443rd Antiaircraft Artillery Battalion in World War II

SICILIAN CAMPAIGN

CAMPAIGN AFTERMATH

During the first few days the 443rd was at Trapani, messages of congratulations began to arrive, paying tribute to the victorious Americans who, in a gruelling campaign, had conquered Sicily in five short weeks. From the 18th Army Group’s General Alexander, from 7th Army’s General Patton, From II Corps’ General Bradley and from General George C. Marshall, U.S.. Army Chief of Staff came commendations to the 3rd Infantry Division and its attached units. Most meaningful to the 443rd however was the 22 August 1944 commendation from the 3rd Infantry Division’s General Truscott to the Commanding Officer, 443rd AAA AW Bn (SP):

"The Sicilian Campaign has ended. In both phases — capture of Palermo and capture of Messina — your Battalion has played a decisive role. You have overcome natural obstacles of terrain rendered a thousand-fold more difficult by enemy demolitions and opposition. Your record during these days will be an inspiration to all Americans. Your success can be attributed to high standards of individual and organizational skill developed over a long and sometimes tedious period of training. You have accomplished the objective toward which those laborious efforts were directed. You have aided in attaining a smashing victory.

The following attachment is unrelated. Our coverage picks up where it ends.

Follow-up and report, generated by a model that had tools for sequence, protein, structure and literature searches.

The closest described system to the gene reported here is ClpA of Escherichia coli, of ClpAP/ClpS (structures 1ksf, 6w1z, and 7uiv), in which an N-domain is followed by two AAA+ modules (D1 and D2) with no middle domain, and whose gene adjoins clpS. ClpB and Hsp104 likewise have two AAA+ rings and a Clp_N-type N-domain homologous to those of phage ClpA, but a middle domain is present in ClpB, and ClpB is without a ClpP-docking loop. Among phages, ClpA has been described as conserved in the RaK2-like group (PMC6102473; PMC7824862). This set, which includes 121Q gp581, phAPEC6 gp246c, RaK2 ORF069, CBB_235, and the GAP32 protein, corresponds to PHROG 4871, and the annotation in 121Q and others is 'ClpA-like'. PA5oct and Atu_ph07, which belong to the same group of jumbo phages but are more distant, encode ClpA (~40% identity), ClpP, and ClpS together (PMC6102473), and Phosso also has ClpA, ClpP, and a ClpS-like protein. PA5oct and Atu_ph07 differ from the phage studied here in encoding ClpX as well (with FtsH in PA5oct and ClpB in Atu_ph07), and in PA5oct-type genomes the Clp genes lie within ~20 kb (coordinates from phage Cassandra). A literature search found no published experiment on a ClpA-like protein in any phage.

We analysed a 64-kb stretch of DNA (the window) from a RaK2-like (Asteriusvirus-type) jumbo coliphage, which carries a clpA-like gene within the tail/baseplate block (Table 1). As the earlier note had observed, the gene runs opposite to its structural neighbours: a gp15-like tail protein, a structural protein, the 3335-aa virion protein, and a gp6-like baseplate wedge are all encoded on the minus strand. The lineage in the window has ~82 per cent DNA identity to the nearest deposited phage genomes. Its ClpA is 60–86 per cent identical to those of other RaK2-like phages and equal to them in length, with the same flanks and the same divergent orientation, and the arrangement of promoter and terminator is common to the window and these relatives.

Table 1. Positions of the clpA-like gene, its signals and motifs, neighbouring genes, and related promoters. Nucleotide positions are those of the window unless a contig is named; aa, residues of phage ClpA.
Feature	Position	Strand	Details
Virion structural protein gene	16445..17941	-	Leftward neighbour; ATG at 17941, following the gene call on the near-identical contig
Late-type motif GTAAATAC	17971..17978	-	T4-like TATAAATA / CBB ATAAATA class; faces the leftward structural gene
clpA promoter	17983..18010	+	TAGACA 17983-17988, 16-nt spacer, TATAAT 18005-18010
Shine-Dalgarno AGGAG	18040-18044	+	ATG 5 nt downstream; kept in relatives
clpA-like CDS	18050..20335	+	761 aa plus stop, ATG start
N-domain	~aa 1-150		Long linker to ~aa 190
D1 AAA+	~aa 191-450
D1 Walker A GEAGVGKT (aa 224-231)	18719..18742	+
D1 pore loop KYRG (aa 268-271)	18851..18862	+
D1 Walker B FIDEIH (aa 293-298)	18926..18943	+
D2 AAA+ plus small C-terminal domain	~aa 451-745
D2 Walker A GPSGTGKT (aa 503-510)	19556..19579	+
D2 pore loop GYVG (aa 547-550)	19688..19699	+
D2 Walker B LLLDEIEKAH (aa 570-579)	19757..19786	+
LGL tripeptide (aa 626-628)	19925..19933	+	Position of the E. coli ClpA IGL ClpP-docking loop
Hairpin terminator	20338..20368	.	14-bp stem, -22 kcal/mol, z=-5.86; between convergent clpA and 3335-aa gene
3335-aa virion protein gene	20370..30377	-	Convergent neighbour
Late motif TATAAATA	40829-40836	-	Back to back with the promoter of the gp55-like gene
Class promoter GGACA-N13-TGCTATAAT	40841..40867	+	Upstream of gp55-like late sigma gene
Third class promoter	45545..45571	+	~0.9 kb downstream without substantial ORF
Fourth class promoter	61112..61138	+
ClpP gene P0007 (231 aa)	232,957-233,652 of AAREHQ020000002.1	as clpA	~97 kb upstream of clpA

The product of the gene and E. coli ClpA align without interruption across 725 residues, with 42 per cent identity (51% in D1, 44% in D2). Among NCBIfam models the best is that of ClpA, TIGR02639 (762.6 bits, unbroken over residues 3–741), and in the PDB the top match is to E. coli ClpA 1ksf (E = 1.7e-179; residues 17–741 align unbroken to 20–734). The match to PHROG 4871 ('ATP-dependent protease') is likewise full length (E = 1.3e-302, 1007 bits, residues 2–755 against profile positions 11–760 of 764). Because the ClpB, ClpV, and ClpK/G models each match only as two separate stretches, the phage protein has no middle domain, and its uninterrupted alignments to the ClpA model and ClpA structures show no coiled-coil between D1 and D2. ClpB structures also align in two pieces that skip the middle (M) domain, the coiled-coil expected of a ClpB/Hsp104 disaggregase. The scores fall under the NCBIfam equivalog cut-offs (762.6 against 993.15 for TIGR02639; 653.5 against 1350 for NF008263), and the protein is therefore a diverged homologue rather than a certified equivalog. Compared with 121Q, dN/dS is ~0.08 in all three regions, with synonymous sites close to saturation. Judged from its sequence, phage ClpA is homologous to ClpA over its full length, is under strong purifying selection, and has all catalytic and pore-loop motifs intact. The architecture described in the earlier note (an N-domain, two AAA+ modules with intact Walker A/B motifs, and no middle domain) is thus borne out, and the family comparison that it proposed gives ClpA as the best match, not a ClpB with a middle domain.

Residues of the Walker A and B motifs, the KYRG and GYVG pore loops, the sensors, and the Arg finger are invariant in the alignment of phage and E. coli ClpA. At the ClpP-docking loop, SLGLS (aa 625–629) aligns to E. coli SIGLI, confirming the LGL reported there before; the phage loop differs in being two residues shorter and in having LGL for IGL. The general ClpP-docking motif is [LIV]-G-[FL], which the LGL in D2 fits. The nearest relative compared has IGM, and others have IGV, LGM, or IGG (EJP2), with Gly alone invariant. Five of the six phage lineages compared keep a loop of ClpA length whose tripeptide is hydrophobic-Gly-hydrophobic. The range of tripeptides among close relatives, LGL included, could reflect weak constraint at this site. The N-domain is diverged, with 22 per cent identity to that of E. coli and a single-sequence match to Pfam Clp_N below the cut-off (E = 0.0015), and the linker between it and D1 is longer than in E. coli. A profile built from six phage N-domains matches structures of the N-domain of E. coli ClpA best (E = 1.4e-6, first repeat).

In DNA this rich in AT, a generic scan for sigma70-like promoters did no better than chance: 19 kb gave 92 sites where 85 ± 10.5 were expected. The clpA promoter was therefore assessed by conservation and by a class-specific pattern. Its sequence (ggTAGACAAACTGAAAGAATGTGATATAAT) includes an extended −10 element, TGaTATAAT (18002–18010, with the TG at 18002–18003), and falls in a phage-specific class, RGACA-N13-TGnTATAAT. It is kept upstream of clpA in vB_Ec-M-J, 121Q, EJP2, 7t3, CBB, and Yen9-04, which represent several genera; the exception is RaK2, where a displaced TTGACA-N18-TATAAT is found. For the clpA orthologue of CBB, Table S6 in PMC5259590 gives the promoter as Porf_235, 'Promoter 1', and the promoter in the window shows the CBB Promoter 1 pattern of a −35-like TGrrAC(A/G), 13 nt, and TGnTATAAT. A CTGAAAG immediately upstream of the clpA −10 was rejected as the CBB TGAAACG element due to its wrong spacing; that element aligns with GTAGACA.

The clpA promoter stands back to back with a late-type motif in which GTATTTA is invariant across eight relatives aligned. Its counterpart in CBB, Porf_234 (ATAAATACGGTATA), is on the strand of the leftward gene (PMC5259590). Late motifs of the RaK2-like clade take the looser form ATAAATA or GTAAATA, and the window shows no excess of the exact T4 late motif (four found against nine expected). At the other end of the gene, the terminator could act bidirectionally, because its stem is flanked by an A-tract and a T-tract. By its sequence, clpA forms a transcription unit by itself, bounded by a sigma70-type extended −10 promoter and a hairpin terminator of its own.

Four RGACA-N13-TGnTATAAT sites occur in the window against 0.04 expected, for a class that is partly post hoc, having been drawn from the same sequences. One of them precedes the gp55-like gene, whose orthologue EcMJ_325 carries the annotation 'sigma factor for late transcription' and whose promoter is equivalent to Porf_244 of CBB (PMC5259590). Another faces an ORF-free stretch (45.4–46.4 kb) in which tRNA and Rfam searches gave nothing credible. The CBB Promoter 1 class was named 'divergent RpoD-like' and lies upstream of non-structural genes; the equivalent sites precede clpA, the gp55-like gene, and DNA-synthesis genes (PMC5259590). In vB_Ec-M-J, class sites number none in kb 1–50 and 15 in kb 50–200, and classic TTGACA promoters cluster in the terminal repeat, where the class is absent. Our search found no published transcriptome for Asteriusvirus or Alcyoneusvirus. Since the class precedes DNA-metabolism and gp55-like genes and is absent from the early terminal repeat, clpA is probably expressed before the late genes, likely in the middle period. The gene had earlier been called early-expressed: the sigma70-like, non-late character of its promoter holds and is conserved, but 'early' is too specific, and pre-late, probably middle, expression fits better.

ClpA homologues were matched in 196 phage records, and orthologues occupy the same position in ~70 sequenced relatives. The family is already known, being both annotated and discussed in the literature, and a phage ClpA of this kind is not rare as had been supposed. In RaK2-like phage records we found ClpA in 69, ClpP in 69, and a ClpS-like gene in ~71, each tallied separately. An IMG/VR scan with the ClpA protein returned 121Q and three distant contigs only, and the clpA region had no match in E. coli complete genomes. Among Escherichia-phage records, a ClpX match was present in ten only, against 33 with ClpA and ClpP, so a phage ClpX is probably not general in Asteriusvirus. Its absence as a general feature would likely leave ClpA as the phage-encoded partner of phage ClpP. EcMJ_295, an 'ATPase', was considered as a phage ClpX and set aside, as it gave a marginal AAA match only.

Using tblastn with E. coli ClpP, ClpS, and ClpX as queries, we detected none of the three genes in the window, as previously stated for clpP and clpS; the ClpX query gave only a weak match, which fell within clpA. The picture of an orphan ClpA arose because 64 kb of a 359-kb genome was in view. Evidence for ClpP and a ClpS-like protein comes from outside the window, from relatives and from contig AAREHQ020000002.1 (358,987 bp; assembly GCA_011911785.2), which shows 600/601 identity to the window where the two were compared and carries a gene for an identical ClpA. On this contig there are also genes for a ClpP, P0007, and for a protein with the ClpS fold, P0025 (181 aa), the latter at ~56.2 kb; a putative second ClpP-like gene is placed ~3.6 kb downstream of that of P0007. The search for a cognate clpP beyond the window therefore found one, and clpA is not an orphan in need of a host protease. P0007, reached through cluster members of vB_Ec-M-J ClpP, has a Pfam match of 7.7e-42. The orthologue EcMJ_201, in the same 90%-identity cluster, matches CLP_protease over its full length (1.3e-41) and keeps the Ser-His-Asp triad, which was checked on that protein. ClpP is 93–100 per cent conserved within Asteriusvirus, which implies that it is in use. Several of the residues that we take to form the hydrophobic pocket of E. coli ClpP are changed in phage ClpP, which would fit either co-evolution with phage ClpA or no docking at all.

"The 443rd Battalion distinguished itself during the period of attachment to this command by being constantly ready for action and tactically well placed during an advance that was so rapid and so tortuous as to test the mettle of all members of your command. You have performed your assigned functions in a most commendable manner.

"I want to express to you and to every soldier of your command my appreciation for your efforts and your loyal support ".

While at Trapani, 443rd men were entertained for the first time since entering into combat by Bob Hope, Jerry Colona and Frances Langford. One 443rd sergeant had opportunity to talk with Miss Langford, who was from his home town.

In order to protect his command from the ravages of venereal disease, which always became worse when troops were in rear area bivouac, General Truscott ordered local girls to be hired, installed in a tent and had his medical doctors check them regularly. This program was short-lived because a report filtered back to some congressmen and the Pentagon ordered the practice stopped.

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